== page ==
Every Browns fan is hyped over the new-look defensive line, hyped over what the presence of Shaun Rogers is going to mean for Kamerion Wimbley's sack total, even hyped over the super-squirt corner tandem of Eric Wright and Brandon McDonald.
Hype away on those guys, because what's coming behind them is not pretty.
It takes a while to build depth on a football team. The past few offseasons, Phil Savage has concentrated on adding talent and depth to the offense, and the Browns are now bearing the fruit of his labor with a talented, deep, dynamic offense.
The defense is a year or two behind the offense. The starting 11 is noticeably better than last year with the additions of Rogers and Corey Williams to the line. But behind the starters is a giant avalanche of question marks, and it's starting to look like the answers to those questions will be negative.
Early marks on the guys who are slated to provide the depth for the Browns' defense and special teams are not good. It was those units that allows the Jets' offensive backups (hardly high on the NFL food chain themselves) to rally and win Thursday with big plays.
If your third team defense gets out-executed by the opponent's third team offense, fine. That's how young players learn. But when your defense surrenders a 70-yard touchdown bomb from Brett Ratliff to David Clowney, then your special teams surrenders a 62-yard punt return for a touchdown minutes later, that's not getting outmaneuvered. That's getting burned.
If the Browns' defensive starters start showing up in braces and casts en masse, be afraid. Be very afraid. It's only August, and I can already see that defense will have to be the first and second priorities for Savage in the 2009 draft.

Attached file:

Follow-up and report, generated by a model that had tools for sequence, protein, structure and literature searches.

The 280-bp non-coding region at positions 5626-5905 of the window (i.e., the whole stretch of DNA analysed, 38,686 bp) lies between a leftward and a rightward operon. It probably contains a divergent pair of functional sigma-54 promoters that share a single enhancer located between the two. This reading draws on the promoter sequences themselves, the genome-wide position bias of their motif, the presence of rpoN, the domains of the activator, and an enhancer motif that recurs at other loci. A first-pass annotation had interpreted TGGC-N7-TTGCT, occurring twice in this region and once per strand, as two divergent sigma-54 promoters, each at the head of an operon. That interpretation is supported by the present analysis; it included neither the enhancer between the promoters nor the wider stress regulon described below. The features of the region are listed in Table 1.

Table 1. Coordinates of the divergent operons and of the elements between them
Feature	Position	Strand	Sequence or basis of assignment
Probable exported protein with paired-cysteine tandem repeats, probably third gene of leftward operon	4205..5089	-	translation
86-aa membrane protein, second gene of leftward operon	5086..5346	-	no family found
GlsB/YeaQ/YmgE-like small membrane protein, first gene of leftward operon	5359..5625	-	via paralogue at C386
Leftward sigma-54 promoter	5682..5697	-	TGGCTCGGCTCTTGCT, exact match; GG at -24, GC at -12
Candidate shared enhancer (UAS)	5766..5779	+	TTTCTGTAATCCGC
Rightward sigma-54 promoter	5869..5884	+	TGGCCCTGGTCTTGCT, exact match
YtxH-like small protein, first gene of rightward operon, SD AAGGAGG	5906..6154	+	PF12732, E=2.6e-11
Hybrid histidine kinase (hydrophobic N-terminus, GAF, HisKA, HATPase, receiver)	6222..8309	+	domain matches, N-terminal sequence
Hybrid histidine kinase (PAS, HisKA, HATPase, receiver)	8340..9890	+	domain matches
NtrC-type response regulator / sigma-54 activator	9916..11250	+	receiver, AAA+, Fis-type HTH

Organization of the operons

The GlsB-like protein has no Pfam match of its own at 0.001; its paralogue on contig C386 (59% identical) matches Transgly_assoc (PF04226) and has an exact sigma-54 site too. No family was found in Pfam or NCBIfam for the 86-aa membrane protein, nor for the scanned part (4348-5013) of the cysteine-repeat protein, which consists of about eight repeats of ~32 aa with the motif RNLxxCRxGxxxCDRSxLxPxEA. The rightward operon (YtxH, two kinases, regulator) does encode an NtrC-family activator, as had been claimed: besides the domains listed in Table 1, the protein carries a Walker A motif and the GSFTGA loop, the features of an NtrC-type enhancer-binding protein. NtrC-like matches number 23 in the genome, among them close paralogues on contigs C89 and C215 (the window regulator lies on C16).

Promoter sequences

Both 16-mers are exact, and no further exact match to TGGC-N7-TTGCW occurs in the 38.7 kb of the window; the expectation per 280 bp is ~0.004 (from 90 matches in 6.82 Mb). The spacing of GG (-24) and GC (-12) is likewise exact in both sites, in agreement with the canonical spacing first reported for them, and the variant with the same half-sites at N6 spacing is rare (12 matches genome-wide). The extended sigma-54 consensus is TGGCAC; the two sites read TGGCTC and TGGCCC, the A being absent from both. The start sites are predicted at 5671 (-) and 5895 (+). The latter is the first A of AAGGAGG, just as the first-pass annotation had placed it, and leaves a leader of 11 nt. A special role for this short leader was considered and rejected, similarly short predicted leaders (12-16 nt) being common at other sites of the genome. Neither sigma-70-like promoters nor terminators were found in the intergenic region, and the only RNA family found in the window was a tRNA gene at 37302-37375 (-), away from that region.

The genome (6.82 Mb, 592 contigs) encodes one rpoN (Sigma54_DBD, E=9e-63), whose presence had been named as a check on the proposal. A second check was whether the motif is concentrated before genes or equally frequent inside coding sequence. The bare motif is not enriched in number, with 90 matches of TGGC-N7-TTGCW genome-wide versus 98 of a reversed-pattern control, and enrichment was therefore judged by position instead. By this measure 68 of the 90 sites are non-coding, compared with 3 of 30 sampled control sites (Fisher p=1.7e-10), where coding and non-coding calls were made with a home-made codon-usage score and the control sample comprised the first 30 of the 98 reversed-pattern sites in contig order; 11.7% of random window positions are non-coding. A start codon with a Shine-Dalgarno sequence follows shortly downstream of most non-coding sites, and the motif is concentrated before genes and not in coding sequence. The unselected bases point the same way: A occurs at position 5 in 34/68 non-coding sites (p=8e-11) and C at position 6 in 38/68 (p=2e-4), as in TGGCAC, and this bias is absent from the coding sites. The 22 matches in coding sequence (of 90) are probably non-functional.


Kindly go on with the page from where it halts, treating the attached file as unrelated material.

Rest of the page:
6. But, hey, he'll still make one heck of a QB coach.
A lot of Browns fans have drawn parallels between Bernie Kosar and Ken Dorsey. Like Kosar, Dorsey is a Miami of Florida graduate who seems to be of above-average intelligence. Like Kosar, he seems to command a huddle well and seems to be good at improvising in the pocket.
But here's a crucial difference between Kosar and Dorsey: If Kosar were to be faced with a first-and-goal at the five yard line with less than a minute to play and a chance to win the game, that ball is going in the end zone (surprise appearances by Earnest Byner and Jeremiah Castille excluded).
If Kosar had four shots to put the ball in the end zone from five yards out, he'd probably have found a way to do it most times. Dorsey, on the other hand, couldn't seem to keep his passes away from the hands of Jet defenders. Four passes, four incompletions.
It shouldn't irritate me this much that a third-string quarterback couldn't punch the ball into the end zone with the game on the line. But it does.
Please stay healthy, Derek and Brady. If Dorsey is ever forced to take snaps in a regular season game, we're screwed.
Aug 11, 2008 7:00 PM